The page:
A stunning and revealing examination of oil's indelible impact on the countries that produce it and the people who possess it.
Every unhappy oil-producing nation is unhappy in its own way, but all are touched by the "resource curse"—the power of oil to exacerbate existing problems and create new ones. In Crude World, Peter Maass presents a vivid portrait of the troubled world oil has created. He takes us to Saudi Arabia, where officials deflect inquiries about the amount of petroleum remaining in the country's largest reservoir; to Equatorial Guinea, where two tennis courts grace an oil-rich dictator's estate but bandages and aspirin are a hospital's only supplies; and to Venezuela, where Hugo Chávez's campaign to redistribute oil wealth creates new economic and political crises.
Maass, a New York Times Magazine writer, also introduces us to Iraqi oilmen trying to rebuild their industry after the invasion of 2003, an American lawyer leading Ecuadorians in an unprecedented lawsuit against Chevron, a Russian oil billionaire imprisoned for his defiance of Vladimir Putin's leadership, and Nigerian villagers whose livelihoods are destroyed by the discovery of oil. Rebels, royalty, middlemen, environmentalists, indigenous activists, CEOs—their stories, deftly and sensitively presented, tell the larger story of oil in our time.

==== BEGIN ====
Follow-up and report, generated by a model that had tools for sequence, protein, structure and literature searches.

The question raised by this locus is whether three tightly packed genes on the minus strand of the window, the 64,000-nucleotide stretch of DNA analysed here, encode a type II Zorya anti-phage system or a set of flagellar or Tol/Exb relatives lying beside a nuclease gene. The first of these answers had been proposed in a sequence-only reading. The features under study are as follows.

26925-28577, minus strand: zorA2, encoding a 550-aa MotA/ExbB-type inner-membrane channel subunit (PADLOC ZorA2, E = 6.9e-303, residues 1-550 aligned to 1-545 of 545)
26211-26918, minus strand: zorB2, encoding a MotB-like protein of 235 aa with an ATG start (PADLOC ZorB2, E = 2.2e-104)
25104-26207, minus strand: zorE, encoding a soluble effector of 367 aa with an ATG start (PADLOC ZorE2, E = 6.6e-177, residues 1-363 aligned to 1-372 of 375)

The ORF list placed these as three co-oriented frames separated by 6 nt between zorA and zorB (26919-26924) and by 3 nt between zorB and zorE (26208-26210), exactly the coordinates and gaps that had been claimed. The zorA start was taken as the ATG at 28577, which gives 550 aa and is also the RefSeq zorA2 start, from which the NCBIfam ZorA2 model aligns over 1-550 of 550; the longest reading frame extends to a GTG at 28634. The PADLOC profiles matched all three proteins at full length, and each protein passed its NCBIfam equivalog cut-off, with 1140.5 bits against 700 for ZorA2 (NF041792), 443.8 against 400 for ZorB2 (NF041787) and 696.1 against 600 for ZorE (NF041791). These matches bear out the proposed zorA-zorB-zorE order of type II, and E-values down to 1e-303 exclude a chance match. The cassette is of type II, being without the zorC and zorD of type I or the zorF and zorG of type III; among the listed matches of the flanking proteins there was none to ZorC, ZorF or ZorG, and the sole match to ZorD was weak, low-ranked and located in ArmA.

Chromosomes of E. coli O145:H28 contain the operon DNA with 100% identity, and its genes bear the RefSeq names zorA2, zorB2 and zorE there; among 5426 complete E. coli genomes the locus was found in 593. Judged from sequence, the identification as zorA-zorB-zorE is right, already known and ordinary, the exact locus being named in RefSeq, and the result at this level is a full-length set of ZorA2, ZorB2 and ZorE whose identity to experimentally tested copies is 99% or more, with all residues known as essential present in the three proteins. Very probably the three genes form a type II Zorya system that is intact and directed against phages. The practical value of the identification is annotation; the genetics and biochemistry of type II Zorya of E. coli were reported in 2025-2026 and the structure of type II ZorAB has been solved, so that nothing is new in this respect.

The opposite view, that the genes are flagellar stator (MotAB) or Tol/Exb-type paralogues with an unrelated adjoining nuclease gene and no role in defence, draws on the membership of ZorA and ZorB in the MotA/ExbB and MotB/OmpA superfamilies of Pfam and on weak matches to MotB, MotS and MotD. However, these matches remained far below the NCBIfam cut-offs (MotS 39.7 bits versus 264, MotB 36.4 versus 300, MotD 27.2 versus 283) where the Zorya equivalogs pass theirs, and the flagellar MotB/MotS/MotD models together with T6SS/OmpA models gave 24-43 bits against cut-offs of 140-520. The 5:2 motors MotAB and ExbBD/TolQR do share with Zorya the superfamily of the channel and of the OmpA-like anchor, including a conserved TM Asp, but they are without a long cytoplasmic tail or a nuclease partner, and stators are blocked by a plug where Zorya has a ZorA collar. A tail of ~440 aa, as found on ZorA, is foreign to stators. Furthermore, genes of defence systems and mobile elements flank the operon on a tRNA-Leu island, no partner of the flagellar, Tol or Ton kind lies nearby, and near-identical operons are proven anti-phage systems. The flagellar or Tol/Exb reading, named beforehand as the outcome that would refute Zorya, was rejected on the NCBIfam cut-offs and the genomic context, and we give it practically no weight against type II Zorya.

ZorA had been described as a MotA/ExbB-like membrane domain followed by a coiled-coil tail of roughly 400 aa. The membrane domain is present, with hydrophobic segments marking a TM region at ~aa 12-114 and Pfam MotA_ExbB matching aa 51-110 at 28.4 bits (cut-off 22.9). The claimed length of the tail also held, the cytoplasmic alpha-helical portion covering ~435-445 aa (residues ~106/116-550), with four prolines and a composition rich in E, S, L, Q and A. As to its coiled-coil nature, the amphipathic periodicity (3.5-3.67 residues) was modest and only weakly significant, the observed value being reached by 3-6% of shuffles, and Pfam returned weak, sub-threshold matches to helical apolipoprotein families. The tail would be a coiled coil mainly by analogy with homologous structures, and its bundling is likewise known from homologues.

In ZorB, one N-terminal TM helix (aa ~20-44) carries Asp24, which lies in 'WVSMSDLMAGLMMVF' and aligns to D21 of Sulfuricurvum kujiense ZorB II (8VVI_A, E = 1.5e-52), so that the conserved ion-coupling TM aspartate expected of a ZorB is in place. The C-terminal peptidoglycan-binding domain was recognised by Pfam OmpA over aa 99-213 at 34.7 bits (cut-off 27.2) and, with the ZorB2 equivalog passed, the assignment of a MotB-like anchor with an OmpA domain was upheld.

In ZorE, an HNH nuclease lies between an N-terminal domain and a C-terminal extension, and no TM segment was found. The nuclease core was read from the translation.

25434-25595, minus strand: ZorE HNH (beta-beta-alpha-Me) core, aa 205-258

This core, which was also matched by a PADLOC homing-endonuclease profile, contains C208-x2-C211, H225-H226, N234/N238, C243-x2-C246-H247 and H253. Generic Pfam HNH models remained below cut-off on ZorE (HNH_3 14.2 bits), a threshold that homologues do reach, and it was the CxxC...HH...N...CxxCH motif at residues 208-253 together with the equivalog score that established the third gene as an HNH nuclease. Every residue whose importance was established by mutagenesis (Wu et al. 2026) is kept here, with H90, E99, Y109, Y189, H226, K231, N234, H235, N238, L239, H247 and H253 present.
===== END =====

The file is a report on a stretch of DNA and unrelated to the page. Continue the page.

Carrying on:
Crude World is a startling and essential account of the consequences of our addiction to oil.
From the Hardcover edition.
Reporter Peter Maass reveals an intricate web of social dilemmas afflicting nations around the world which can all be traced to a single substance--oil. In Saudi Arabia, officials are scrambling to keep up the pretense that they have plenty of oil left, though outside analysis predicts that they have passed their pinnacle of production. In Nigeria, the relatively recent oil-based economy has transformed a promising developing nation into a dysfunctional kleptocracy marked by rampant poverty, pollution, and corruption. In Russia, Vladimir Putin uses funds from ill-gotten oil to tighten his grip on the world's largest nation and widen an appalling gap between the prosperous few and the destitute many. As Maass shows, similar stories are happening in China, Venezuela, Equatorial Guinea, and Angola, which proves that, in countries marked by instability or a high population, a reliance on oil inevitably generates individual wealth at the cost of collective progress.
- Political Science, Business + Money Management
- International Relations / General, Industries / Energy Industries
- August 10, 2010
- August 10, 2010
- Peter Maass